Government prosecutors worried about the kind of collateral damage – to innocent employees, customers, investors – if they took down Wall Street firms, especially given how weak big firms were in the aftermath of 2008.
Second, prosecutors developed a preference for reaching a new kind of agreement called a “Deferred Prosecution Agreement,” (DPA) in which corporations – but importantly not individuals – agreed to pay fines as a result of bad actions. Typically a DPA meant a hefty corporate fine, ultimately paid by shareholders rather than executives, and an agreement to hire an outside monitor against future ongoing bad behavior.
Not incidentally, these monitoring agreements became extremely lucrative for big private law firms, encouraging a kind of Big Law lobby for more DPAs in place of criminal prosecutions.
Next, he describes a classic kind of regulatory revolving door between government prosecutors and lucrative white-collar defense practices. Eisinger believes many ambitious prosecutors want to eventually make ten times more money in private practice defending white collar criminals. So, they might not want to be overly aggressive prosecuting white collar criminals that could be their future private practice employers.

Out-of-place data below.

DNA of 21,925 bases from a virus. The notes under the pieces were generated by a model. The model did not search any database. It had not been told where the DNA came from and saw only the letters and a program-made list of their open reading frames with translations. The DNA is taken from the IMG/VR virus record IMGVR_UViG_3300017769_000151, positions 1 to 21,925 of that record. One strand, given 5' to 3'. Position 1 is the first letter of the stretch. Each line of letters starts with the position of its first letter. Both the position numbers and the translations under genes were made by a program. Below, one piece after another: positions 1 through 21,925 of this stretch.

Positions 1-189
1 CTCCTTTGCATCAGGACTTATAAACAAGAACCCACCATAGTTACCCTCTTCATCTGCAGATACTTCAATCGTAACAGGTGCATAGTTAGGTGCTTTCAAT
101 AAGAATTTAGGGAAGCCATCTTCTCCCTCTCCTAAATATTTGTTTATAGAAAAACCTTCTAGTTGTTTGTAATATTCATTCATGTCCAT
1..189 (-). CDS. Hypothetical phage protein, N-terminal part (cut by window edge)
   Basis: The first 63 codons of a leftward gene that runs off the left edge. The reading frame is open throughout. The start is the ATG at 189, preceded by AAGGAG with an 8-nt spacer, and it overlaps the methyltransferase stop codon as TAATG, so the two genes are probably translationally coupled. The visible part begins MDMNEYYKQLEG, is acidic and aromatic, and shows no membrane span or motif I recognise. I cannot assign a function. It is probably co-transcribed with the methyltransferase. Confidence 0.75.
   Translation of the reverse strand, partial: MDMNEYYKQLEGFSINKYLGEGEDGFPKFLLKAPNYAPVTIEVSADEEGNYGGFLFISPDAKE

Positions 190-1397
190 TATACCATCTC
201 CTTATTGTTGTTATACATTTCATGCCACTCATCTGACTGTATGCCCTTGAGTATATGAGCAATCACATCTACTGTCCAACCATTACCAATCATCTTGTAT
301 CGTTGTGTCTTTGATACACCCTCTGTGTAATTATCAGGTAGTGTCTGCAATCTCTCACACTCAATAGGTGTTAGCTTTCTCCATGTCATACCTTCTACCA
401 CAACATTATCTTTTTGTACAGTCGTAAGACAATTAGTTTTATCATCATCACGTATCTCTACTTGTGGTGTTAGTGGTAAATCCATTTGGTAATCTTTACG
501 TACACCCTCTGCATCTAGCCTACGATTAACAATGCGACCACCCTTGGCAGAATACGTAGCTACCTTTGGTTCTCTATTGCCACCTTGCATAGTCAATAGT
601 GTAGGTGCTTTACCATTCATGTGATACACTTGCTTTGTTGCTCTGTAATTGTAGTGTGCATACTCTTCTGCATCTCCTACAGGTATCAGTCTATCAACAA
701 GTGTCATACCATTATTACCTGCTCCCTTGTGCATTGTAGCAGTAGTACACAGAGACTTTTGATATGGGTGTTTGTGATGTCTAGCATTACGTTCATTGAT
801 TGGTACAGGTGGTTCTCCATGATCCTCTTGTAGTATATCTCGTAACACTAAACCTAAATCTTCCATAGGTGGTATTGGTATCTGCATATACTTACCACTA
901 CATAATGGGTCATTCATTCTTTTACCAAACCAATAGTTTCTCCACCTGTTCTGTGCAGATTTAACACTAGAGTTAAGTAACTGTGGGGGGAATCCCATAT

Finally, Eisinger describes prosecuting white collar crime as a particular skill, requiring a certain institutional culture of risk-taking and a consequences-be-damned attitude. Between the Enron/Arthur Anderson backlash and the rise of DPAs, our regulators lost their taste for putting executives behind bars. Running up the score with DPAs and corporate civil fines became easier than the more difficult task of jailing executives.
Interestingly, legal heavyweights making 2017 headlines such as James Comey, Preet Bharara, Eric Holder, Sally Yates, and Bob Mueller make cameos in Eisinger’s book, often in an unflattering, or at least mixed, context.
I spoke to Eisinger about his book recently. As a former mortgage and CDO salesman myself, I tried to explain, the actions of Wall Street folks described in civil complaints about sub-prime mortgage securitizations fell within a normal range of activity of how we did our jobs. Eisinger didn’t buy it.
But even reading the September 2017 civil suit about Paul Mangione at Deutsche Bank, I’m struck by how banal the complaint is. Mangione’s emails and phone records show he is deeply skeptical about the quality of mortgage underwriting standards. He neither created those mortgages nor had any real ability to influence their creation. His job was to take the product he received and try to make bonds he could sell out of them. To refuse to do that would be to refuse his way out of a job, at least a job as a sub-prime mortgage trader at Deutsche Bank.
I remain skeptical. Eisinger’s right to point out the troubling weaknesses in our current system of prosecuting white-collar criminals. I stick to my often unpopular stance that the sub-prime mortgage and CDO traders did not commit crimes for which they deserved jail.
a version of this ran in the San Antonio Express News and Houston Chronicle.